Under the disc slot is a sync button for connecting wireless controllers and a small door flap. The door flap was not seen open, but it is assumed that inside is the SD card slot, much like the current Wii. There is also the possibility of a USB port since external USB hard drives are said to be compatible, but it is only speculation at this point.
The Games (Tech Demos)
While other Wii U demos showed more of the system's features, Chase Mii was easily the most fun and instantly accessible of them all. It is a simple game of hide and seek, with four players controlling Miis with Wii remotes trying to catch a fifth player who controls a Mii in a Mario suit on the Wii U controller.
The catch is that the Wii U controller also displays a map of the whole level, including player positions, while the four players with Wii remotes only have the limited third-person window on a split-screen TV. It was very similar to Nintendo's Gamecube experimental game Pac Man Vs, which used a GameBoy Advance to control Pac Man while three players controlled ghosts on the TV. Chase Mii also provided the only playable example of five controllers working on a single system.
Battle Mii had two players controlling Metroid-themed Miis with Wii remotes and nunchucks battling against a third player controlling a space ship with the Wii U controller. Controlling the Miis with the Wii remote was fairly standard for a Wii third-person shooter, aiming at the screen with the Wii remote pointer and using the B trigger to shoot.
The Wii U controls were more interesting, using the left circle pad to move, up and down on the right circle pad to change elevation and moving the Wii U controller itself to aim using motion control. And I really do mean moving the controller - the game had me literally spinning in circles to aim at enemies behind me, similar to the 3DS title Face Raiders. While simple tilt controls might have been preferred, Battle Mii certainly showed that the new controller can handle more action-oriented games.
Shield Pose was the most interesting use of the Wii U controller on display. On the TV screen players saw a pirate ship floating in the ocean. By holding up and pointing the Wii U controller at the TV (with Wii U screen facing the player) the player could then move the Wii U controller to see the rest of the ocean beyond the confines of the TV.
Aiming up revealed a moon in the sky, while two additional pirate ships were floating on the player's left and right. It was a unique experience to be able to see the game world beyond the TV, essentially using the Wii U controller as a window to surround the player with the game everywhere they look.
The pirate ship in the centre would give commands two at a time, such as up and left, that the player would have to repeat by holding the Wii U controller in those positions. It turned out to be a rhythm game that moved quite fast, which meant that following the commands was based more on remembering positions than actually looking around the level.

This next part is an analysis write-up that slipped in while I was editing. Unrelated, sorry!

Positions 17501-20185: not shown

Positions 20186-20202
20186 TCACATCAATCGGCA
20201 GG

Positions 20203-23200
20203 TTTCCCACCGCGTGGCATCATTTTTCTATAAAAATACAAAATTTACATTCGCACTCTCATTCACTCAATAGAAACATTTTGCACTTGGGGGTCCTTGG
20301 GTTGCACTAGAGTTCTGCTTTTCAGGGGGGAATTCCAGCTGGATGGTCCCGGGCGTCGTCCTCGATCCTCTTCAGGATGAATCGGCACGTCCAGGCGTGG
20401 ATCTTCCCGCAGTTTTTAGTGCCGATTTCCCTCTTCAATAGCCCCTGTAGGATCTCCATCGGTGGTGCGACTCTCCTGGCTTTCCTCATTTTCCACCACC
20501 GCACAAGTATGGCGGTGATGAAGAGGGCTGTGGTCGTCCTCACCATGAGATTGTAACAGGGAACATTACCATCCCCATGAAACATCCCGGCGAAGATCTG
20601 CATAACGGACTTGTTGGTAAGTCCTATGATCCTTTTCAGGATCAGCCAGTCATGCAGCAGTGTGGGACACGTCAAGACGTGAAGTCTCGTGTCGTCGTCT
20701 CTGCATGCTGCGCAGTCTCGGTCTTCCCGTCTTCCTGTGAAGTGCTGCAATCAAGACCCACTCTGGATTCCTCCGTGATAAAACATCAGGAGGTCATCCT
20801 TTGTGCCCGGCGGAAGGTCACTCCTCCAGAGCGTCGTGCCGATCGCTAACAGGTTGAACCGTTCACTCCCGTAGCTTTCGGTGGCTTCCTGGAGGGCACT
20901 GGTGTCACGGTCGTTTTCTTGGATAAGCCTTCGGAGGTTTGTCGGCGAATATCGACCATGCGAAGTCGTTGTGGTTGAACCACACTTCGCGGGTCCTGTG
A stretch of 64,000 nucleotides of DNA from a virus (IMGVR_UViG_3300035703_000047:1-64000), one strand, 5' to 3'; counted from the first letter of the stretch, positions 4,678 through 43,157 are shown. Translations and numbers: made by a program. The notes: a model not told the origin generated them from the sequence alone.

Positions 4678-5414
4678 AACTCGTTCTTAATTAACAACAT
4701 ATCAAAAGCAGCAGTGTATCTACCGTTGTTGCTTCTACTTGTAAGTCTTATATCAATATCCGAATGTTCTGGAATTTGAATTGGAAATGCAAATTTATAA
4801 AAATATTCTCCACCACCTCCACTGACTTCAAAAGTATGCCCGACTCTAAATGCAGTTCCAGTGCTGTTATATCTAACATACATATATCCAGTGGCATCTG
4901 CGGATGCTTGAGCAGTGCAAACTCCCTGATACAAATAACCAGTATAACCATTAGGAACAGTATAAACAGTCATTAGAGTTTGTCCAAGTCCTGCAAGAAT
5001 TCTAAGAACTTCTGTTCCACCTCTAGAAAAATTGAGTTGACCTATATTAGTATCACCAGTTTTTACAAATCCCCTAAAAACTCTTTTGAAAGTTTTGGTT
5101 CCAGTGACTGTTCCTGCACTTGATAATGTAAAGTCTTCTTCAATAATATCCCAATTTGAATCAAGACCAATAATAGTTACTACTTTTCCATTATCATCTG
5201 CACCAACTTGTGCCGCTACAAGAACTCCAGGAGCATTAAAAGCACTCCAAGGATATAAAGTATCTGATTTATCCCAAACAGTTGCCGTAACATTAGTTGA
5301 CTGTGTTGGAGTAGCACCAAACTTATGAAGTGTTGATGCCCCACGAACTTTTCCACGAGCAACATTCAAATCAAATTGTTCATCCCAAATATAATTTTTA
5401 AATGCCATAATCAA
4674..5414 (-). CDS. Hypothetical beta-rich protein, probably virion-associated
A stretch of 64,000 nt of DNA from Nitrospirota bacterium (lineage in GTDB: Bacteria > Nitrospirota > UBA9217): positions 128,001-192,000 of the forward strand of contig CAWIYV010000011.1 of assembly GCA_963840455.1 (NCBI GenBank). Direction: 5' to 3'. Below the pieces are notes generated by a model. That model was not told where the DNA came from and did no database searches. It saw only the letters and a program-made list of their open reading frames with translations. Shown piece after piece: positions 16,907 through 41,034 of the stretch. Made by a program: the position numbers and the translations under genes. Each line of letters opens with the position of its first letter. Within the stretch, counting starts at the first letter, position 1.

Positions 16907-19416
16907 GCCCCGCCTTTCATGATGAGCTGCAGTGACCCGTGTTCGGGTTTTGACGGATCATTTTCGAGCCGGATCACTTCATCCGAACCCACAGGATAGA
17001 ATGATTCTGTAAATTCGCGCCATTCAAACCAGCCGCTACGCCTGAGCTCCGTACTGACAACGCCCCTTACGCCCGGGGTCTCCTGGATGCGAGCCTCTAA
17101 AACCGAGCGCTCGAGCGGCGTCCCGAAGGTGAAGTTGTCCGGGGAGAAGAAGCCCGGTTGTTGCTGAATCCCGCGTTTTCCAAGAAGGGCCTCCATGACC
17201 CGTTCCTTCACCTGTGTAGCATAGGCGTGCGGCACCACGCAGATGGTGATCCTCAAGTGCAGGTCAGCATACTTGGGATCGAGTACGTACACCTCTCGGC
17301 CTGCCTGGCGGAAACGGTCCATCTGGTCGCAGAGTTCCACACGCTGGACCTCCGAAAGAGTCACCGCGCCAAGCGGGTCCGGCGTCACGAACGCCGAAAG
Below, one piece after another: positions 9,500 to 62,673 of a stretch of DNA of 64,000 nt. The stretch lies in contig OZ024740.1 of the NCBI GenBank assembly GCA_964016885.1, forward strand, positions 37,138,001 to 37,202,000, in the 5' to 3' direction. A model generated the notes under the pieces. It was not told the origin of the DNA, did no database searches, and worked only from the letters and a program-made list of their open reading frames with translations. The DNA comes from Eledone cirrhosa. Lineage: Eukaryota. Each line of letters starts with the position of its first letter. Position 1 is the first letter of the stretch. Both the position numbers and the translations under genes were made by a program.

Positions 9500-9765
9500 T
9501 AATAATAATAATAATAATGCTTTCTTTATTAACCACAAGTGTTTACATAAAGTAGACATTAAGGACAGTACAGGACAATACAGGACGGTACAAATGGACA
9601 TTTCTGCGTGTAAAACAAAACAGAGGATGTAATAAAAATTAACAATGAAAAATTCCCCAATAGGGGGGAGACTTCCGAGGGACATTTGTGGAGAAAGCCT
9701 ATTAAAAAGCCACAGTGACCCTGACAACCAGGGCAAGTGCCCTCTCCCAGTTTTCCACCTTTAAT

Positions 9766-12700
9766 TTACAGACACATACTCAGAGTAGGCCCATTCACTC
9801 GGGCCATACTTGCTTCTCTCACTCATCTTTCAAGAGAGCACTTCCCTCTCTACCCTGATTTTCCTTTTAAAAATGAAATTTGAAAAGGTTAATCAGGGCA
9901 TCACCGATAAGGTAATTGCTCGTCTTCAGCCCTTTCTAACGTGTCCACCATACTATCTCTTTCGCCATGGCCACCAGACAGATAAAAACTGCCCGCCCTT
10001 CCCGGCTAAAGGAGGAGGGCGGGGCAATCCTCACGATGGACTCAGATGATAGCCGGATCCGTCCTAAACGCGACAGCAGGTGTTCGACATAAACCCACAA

However, the initial tutorial that instructed the player to search around the TV using the Wii U controller was probably the most effective use of the second screen for unique gameplay, only possible on the Wii U.
New Super Mario Bros. Mii
The final playable demo on display was New Super Mario Bros. Mii. Essentially, the game took levels inspired by New Super Mario Bros. Wii and remapped the controls to show that the Wii U's controller could still work with more traditional games. The Wii U's screen accurately displayed the exact same image as the TV without any lag and the game was played with the D-pad and buttons just like it would be with a Wii remote.
Even the game's shake controls remained intact. The biggest difference was that this version allowed each player to pick a traditional Mario character or play as a Mii wearing various colours of Mario's signature overalls. It was certainly fun to play, but was less exciting than the other demos that actually showed gameplay that could not be done with a traditional controller.
The Legend of Zelda
In addition to the playable demos, there were video demos for Legend of Zelda and a bird flying through a Japanese garden. Both of these videos had been shown during Nintendo's press conference, but on the E3 show floor they featured limited camera and lighting control using the Wii U controller to prove that they were running in real time. They displayed impressive HD visuals when viewed on the TV and still impressive, even if not in HD, visuals on the Wii U controller screen.
The Wii U will be available in all regions worldwide in 2012.
More Wii U coverage from E3 2011:
> Wii U announced as new Nintendo console
> Wii U technical specifications released
> Super Smash Bros. coming to Wii U, 3DS
> Assassin's Creed, Ghost Recon for Wii U
> Wii U price above £150, $250?
> Pikmin 3 confirmed for Wii U
> FIFA to become Wii U launch title?
> Wii U supports one controller per system